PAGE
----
Scarry: And we have an obligation to the next generation of people to keep it in the world. Some of us do it by teaching, like making sure that The Iliad still gets read, to the next generation. Some of us do it by creating new objects, like new buildings, to put in the world. But the life pact, the second part of the question, absolutely. That seems to me as important as talking about symmetry and explaining why beauty leads to justice. It’s because it is affirmative of our perceptual acuity. On the one hand, it makes us feel that we have a place in the world. At the same time, it’s decentering. There must be something about us in relation to the Earth that explains why it seems there couldn’t be a more perfect Earth. More important is that I think it raises the level of perceptual acuity.
Pasnik: It seems to draw very closely into some of the issues of architecture, but it also seems like it’s the generosity of beauty compared to the definition of beauty that is sort of rarefied and far away from you. It’s far more powerful a reading of beauty than the arguments of why it was being evicted in the first place or why architects have trouble with it. It’s because you think beauty has standards, and codes, and these kinds of constructs. When we think about the issue of taste — I’m not sure that taste has that generosity. There’s a construct that to have good taste means it’s a structure, that there’s a wide agreement around it. What are your thoughts on the relationship between beauty and taste?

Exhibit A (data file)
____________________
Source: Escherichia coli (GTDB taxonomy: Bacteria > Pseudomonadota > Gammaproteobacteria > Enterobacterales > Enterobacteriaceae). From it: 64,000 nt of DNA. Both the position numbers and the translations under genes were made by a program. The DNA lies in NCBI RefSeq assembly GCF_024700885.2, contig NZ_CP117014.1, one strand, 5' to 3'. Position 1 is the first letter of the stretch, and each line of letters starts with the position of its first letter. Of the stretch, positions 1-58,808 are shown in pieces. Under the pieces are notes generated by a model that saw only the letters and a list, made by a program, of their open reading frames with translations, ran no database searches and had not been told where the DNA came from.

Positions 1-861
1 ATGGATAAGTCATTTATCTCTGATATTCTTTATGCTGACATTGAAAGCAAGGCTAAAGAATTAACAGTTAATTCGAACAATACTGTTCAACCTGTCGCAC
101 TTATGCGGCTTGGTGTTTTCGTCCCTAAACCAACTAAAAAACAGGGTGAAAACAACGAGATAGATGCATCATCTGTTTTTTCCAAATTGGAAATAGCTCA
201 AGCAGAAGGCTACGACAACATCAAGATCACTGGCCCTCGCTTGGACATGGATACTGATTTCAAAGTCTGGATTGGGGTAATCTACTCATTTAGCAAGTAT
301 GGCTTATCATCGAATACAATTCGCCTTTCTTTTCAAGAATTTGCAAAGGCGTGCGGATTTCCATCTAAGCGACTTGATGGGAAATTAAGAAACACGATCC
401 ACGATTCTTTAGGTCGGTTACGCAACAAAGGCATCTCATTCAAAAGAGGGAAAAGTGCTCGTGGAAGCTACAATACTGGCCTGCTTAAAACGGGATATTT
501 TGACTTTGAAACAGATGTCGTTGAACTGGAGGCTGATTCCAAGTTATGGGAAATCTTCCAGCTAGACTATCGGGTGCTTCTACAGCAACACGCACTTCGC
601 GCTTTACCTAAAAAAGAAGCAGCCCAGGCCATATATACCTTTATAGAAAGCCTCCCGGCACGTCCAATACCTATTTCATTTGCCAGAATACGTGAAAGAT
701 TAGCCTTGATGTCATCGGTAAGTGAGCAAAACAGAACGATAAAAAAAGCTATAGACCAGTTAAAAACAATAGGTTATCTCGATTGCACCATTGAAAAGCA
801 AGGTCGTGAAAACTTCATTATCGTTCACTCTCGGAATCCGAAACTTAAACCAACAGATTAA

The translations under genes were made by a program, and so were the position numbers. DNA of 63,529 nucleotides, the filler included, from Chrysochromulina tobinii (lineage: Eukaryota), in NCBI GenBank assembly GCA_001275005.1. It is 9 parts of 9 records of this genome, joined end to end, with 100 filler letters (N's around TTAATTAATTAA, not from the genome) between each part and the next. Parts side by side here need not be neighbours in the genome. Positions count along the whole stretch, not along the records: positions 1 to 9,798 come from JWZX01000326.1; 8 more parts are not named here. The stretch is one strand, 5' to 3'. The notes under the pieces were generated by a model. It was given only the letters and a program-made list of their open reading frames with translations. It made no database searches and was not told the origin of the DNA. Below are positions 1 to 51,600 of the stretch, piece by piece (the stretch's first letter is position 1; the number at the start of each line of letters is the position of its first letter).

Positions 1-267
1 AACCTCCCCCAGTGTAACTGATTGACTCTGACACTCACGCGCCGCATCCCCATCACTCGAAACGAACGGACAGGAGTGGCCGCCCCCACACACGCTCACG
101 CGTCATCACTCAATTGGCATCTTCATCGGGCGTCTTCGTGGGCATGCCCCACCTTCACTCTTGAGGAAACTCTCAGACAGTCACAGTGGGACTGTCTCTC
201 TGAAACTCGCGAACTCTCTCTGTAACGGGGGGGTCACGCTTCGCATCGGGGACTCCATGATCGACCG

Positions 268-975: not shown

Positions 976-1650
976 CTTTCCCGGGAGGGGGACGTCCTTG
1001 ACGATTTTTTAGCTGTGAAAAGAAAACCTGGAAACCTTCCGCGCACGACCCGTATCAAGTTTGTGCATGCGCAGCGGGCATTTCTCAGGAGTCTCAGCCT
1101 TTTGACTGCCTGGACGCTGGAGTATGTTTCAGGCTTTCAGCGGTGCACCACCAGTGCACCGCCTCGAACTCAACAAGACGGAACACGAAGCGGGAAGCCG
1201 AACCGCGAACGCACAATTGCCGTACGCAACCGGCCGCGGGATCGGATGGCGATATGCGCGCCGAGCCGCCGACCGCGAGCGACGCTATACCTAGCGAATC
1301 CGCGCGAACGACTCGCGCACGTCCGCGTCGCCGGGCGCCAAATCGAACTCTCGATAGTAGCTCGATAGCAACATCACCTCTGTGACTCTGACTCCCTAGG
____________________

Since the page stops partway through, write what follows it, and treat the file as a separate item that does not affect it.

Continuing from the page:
Scarry: The argument against taste is we’ve agreed that there’s plurality of beauty. If you start with people’s choosing their life partner or even their temporary partner, it would be amazing to think that anyone could prescribe the person they should choose, even in cultures where parents arrange for marriages. So I think there is a problem with taste; it’s being prescriptive in an arena where there’s plurality of taste.